Loki laughed, sharp and sudden, and then blinked, though the expression seemed affected. “I am sorry, was that a serious question? Why should you not? You are powerful – I can feel that. But not powerful enough, I think. You have been bound.” Thor thought the creature on the throne might have tensed. “You could have more. Did, once, perhaps. There are other dead than Asgard’s – and to reach for them…”

Thor felt a shiver crawl down his spine. Frigga, he noticed, looked pale as well. If Loki was lying, he thought, desperately, if Loki was lying about anything…the consequences might well be very dire indeed.

Hel’s eyes narrowed, and she was a man now, eerily like unto Loki. “And you would willingly sacrifice all of that,” she said, “all of your birthright…for one woman, not even of your blood?” Loki easy demeanor wavered, and he glanced aside, as though hesitating. Thor felt doubt rise in his throat, and Hel leaned forward. “Would you not rather…bargain something else?”

Loki squared his shoulders, then, and his chin rose. Thor felt a peculiar ache in his chest. It was – such perfect simulacrum, of fear and then determination. He almost wondered if he ought to believe it or not. “Perhaps I would,” Loki said, “but I will not. I was willing to give my life, to settle the debt that I owe.” Loki’s voice was clear, and certain. “This way I will still live – that is clear,” he said, eyes sharpening. “You will leave me my life.”

Hel’s eyes narrowed. “Ah,” she murmured. “Do you think you might gain back what was lost, in time?” Thor could not see the way Loki’s face flickered, but he heard his breath catch, and Hel laughed, low and dark. “Well, well. And that shall be interesting to see.”

A lie, Thor reminded himself, this is all part of the performance, but nonetheless he felt his skin tighten with unease, because Loki was playing this creature with such ease might he not as well be-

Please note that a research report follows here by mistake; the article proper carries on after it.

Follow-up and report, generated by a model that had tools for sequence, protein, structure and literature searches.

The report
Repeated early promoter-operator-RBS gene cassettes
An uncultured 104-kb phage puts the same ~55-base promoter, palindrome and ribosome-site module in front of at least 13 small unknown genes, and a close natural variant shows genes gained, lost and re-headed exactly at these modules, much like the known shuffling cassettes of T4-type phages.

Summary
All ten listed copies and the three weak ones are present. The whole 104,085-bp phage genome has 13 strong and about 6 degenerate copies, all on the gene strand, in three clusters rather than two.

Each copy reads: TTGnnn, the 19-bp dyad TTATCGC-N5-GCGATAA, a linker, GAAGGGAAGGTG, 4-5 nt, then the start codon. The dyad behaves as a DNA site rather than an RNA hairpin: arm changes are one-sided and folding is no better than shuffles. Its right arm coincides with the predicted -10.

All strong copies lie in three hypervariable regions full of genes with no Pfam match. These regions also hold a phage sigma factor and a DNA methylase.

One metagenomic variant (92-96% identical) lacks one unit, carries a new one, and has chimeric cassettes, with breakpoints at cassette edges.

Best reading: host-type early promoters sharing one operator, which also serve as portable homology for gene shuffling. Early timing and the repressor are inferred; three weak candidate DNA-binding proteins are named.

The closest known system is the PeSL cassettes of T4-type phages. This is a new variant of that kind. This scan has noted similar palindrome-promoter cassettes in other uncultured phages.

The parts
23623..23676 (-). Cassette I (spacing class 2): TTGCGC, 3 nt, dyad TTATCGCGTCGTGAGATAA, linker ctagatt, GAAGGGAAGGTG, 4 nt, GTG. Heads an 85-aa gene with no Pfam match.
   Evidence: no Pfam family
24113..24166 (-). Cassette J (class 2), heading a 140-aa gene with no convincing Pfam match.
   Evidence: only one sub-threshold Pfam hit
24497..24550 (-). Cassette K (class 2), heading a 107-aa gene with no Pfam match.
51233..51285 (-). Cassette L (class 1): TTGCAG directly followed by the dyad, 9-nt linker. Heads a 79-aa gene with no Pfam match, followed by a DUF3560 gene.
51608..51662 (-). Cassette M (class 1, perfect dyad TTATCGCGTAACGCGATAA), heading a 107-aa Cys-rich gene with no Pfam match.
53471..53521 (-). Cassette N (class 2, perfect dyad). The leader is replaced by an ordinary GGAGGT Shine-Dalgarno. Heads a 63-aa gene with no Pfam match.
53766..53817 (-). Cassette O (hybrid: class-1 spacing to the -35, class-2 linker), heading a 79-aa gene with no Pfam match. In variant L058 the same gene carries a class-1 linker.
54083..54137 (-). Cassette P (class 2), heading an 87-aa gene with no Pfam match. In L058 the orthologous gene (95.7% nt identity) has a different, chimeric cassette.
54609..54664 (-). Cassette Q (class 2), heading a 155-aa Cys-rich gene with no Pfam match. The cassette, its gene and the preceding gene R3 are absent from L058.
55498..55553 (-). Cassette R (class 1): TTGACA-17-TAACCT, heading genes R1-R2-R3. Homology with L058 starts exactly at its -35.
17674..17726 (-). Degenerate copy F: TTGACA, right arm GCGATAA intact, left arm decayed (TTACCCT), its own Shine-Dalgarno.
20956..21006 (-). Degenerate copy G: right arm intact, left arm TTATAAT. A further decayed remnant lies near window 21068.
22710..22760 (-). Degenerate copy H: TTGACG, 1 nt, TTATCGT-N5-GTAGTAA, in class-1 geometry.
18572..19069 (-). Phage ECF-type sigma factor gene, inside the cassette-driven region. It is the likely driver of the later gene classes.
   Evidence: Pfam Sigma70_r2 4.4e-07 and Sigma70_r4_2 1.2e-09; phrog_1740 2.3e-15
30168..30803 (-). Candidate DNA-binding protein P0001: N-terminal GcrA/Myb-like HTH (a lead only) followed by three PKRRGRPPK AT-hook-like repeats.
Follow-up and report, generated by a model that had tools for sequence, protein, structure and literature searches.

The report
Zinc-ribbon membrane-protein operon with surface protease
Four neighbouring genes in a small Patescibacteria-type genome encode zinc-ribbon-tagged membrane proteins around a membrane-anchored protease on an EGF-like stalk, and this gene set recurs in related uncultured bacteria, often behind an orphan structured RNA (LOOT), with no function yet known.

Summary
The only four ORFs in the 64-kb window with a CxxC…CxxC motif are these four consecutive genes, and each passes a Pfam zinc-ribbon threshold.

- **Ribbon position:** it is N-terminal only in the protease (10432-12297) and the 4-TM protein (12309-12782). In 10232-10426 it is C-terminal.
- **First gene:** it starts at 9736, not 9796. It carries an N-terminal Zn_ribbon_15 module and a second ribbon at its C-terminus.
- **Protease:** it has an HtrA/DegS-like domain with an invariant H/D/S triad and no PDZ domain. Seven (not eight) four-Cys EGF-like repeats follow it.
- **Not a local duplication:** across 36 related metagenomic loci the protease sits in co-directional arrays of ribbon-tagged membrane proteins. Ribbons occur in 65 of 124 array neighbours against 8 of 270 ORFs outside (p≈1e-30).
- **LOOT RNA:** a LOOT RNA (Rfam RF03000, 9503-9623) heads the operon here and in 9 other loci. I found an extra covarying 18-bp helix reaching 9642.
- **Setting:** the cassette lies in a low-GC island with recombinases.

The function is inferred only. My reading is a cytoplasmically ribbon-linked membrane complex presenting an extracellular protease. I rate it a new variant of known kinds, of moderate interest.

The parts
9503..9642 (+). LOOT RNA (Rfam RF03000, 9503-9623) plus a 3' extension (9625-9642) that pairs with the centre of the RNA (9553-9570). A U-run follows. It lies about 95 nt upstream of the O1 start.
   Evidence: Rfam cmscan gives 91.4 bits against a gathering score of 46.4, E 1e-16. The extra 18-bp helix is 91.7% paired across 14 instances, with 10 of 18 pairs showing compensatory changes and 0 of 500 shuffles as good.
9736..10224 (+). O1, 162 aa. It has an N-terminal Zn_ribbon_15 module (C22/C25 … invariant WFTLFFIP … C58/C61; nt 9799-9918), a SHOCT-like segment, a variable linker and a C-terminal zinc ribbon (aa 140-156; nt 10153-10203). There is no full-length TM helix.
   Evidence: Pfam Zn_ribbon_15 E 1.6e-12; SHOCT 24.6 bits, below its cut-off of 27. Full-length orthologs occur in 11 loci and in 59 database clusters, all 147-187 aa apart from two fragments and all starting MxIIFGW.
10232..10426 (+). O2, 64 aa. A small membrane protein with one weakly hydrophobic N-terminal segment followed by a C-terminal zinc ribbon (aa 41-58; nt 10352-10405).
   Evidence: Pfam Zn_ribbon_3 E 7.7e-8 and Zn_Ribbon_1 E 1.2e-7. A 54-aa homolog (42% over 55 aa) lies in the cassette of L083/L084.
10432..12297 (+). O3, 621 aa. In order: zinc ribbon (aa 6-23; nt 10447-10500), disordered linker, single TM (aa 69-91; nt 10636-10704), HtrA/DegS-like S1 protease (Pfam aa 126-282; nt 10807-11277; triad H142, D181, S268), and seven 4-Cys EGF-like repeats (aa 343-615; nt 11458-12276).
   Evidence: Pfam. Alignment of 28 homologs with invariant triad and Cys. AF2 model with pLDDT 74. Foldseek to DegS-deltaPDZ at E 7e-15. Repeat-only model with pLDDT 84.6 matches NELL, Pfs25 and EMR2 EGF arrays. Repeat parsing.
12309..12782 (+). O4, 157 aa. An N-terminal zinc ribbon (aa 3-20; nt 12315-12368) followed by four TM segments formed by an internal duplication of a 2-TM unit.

Have faith.

Hel slithered to her feet, and it was the child again, though her head kept flickering to that of a vulture and back in a way that made Thor faintly nauseous as she descended from the throne. “You are right,” she said, after a few moments. “I do find your new offer…more intriguing. And truth be told…I would sooner see your chaos wrought further than end it now.”

Loki’s face was shuttered again, what Thor could see of it. “Do we have a bargain, then?”

“Not just yet.” Hel’s voice was like a whip crack. “Allow me to…taste the wares. In case of a trick, you understand.” Dark, glassy eyes gleamed as they flicked, strangely enough, to Thor. “I am sure you will forgive me my skepticism.”

“I could not do otherwise.” Loki’s voice did not waver, though Thor thought he saw his shoulders quiver, briefly. He tensed, hand moving toward his hammer. Taste the…what did that mean? “Go on, then, lady. I am your subject, in this realm.”

Hel made a low hissing sound, entirely at odds with that childish form, and then the woman was there, and those fingers like talons curled over Loki’s shoulders and pierced spirit-flesh.

The sound Loki made was barely audible, his head suddenly tossing back as his body jerked, and a small wisp of green rose, slowly, like a tendril unfurling from his throat. Thor jerked forward, but he froze in his steps as Loki moved, slowly and with what looked like pain, lowering his head and his mouth fixing to Hel’s. Thor heard a greedy sound and looked away, shuddering, the urge surging through him to destroy that creature here and now and utterly.

It was over swiftly, however, Hel awfully a child once more and wiping her mouth, seeming almost to glow. Loki wavered for a moment, swaying, and even as Thor moved to steady to him he stepped forward, righting himself and taking himself out of Thor’s reach in the same movement.